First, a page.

1909 depth soundings...
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Measurements of the ocean depth (soundings) taken by Peary on the trek from Cape Columbia to the Pole contribute significantly to the much-debated question of where his track lay. These data were no help to Peary in proving his case in 1909, since a profile of the Arctic Ocean in the vicinity of the 70th meridian did not then exist. Now of course it does. The Defense Mapping Agency made available to the Foundation a number of relevant bottom depths obtained by U.S. submarines operating under the Arctic ice, and these were used to refine a recent chart of the area issued by the Office of Naval Research. 

A computer-generated model based on these data show that if Peary’s track was close to the 70th meridian, he would have twice crossed over a major feature of the ocean bottom, the Lomonosov Ridge, during the trek to the Pole. Sure enough, a series of deep-shallow-deep soundings by Marvin indicates that the party passed over a southern leg of the ridge.

A sounding made by Bartlett at 87° 15' north indicates that he was over the canyon just west of the ridge, and Peary’s sounding at 89° 55' showed that he had by that point crossed the ridge again. Thus he was on or very close to the track he describes in The North Pole.

In any event, he could not have been on the track described in NATIONAL GEOGRAPHIC by Herbert; Marvin’s soundings could only have been made some 20 miles to the east of Herbert’s suggested track. Moreover, Peary’s own sounding of 2,743 meters without reaching bottom, made at about five miles from his Pole camp, Camp Jesup, rules out at least one of Herbert’s three suggested locations for Camp Jesup.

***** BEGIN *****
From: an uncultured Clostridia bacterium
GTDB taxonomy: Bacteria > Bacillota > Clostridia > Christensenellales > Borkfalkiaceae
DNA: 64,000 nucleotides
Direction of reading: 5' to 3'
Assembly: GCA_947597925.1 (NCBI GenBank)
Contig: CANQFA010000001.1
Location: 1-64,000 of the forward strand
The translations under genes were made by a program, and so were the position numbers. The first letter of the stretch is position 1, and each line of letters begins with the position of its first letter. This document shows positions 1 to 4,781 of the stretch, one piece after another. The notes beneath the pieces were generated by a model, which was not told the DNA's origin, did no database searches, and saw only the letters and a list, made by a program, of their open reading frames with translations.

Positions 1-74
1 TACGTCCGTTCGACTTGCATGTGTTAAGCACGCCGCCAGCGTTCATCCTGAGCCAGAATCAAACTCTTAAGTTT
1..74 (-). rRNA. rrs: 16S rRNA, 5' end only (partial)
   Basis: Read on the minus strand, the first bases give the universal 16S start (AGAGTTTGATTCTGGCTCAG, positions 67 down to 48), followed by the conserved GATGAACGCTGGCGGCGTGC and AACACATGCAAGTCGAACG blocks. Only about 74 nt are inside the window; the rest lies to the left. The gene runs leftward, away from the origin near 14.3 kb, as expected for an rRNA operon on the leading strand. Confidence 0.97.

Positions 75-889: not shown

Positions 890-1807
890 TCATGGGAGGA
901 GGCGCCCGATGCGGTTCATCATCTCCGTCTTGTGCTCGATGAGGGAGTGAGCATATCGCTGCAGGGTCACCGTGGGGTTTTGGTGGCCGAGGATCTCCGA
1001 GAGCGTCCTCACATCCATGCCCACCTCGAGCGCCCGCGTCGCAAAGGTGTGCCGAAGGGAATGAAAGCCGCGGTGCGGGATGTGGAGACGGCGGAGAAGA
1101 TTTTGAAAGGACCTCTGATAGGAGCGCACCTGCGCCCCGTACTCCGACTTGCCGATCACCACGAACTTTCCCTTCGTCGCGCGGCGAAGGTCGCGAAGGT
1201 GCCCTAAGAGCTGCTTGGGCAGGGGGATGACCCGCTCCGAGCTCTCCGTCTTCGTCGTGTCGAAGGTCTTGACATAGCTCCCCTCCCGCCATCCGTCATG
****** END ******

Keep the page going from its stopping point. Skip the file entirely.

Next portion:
Note: Excerpts above are from New Evidence Places Peary at The Pole
By THOMAS D. DAVIES Rear Admiral, USN (Ret.)
Used with permission of Douglas R. Davies.

There is a strange cult of conspiracy theorists who claim that Peary and Henson could not have reached the Pole. Some are called "Cookites" or "Cookies" by the press. A few seem motivated purely by a need for attention. Certain others may, as Harvard's Dr. Allen Counter said, "need therapy".

We will eventually publish an entire article on this subject detailing the origins of Peary critics. Unfortunately it is an ugly history of slander, class hatred, racism and jealousy that started with the polar hoaxer and convicted felon Fred Cook. His descendants carry on that effort with a trust fund. There is also Britain's little "Sir" Wally who slandered Henson as an "unreliable witness";  polar man-hauler Randy Fiennes who failed 6 times to walk to the Pole; the bitter Richard Weber who can't believe Peary reached the Pole without skis; and even a librarian who is now declaring himself the world's "leading authority" - yet has never left his library.

Those who have nothing better to do with their time have created all these ridiculous theories and made endless insults against two great American heroes. Now, we are making time to straighten out the record. Enough is enough. The lunatic fringe and the racists have to move aside. Henson & Peary are great Americans who accomplished something truly noble. The critics may need therapy, but that is not our concern.

Matthew Henson and Robert E. Peary did exactly what they said they did for 18 years in the Arctic. No one has ever produced any evidence that they didn't. In fact the evidence that they did reach the Pole is overwhelming.

Bradley Robinson, January, 2002

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